Thomas Brooks on beholding one another's graces more than examining one another's infirmities

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Thirdly, Satan hath his devices to destroy the saints; and one great device that he hath to destroy the saints is, By working them first to be strange [estranged], and then to divide, and then to be bitter and jealous, and then to bite and devour one another,' Gal. v. 15. Our own woful experience is too great a proof of this. The Israelites in Egypt did not more vex one another than Christians in these days have done, which occasioned a deadly consumption to fall upon some,​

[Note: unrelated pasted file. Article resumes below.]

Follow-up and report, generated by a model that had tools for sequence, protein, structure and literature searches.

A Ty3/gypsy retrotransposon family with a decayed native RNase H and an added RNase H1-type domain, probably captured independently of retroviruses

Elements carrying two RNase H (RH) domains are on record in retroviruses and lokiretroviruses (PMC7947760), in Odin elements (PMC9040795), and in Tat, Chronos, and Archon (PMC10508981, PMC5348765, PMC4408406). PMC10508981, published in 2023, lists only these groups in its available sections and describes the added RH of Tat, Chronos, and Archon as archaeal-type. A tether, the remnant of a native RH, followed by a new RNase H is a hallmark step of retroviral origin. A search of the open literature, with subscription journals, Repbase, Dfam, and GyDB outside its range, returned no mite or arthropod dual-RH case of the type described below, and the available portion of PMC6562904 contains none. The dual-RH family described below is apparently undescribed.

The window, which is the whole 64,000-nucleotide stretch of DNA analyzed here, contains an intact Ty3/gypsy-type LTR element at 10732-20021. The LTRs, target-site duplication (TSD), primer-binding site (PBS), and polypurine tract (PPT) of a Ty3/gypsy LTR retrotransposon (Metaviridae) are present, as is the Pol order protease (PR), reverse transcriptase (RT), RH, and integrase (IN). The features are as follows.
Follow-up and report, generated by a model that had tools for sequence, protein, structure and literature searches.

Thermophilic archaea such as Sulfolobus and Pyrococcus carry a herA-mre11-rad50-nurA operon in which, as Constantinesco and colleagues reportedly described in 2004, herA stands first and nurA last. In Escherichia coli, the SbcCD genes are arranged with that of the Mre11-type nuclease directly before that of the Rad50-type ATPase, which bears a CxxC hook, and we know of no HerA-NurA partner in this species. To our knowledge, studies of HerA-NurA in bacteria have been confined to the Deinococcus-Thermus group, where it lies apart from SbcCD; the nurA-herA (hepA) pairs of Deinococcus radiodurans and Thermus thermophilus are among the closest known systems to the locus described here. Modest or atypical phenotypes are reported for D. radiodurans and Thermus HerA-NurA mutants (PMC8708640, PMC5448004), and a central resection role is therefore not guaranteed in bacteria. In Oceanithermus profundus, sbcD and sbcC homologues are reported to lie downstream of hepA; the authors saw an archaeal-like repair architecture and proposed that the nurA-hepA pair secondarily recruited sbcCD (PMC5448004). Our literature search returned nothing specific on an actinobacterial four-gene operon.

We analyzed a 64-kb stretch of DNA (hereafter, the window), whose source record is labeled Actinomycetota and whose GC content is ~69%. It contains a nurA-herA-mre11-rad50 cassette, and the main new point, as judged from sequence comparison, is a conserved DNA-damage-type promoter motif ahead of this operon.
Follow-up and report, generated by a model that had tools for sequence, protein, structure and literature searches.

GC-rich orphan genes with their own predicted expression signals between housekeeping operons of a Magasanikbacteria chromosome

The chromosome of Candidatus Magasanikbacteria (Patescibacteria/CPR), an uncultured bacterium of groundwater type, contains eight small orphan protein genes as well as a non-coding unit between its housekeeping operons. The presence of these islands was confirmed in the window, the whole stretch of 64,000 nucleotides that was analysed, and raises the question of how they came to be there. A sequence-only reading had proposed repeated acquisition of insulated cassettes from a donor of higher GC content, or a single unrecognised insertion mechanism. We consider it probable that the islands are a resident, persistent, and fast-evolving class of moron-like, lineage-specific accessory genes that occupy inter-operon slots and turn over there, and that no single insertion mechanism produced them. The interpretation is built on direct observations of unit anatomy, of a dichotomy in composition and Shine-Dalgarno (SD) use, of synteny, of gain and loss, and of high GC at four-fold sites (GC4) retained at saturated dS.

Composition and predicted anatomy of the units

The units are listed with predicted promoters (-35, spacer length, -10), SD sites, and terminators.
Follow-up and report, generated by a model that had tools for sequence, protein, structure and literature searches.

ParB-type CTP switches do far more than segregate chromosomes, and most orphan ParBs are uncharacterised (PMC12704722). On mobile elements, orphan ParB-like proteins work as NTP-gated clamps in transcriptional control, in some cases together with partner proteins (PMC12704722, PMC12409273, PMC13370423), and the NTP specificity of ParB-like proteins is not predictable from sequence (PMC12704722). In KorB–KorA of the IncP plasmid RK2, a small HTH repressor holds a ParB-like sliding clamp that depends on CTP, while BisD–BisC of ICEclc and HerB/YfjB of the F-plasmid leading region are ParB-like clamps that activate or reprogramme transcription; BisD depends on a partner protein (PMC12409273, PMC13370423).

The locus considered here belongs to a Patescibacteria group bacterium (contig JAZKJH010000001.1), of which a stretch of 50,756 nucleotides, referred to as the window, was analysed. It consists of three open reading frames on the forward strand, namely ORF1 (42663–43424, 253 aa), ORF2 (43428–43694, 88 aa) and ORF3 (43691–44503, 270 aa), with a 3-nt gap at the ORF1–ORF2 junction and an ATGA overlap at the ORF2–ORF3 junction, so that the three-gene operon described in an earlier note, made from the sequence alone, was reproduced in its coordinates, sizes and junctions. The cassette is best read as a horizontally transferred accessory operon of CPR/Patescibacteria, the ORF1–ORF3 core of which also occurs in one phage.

Now the remedies against this device are these :​
Remedy (1). The first remedy against this device of Satan is, To dwell more upon one another's graces than upon one another's weaknesses and infirmities. It is sad to consider that saints should have many eyes to behold one another's infirmities, and not one eye to see each other's graces, that they should use spectacles to behold one another's weaknesses, rather than looking-glasses to behold one another's graces.
Thomas Brooks, Precious Remedies Against Satan's Devices, in Works, Nichol edition, vol. 1, p. 128.
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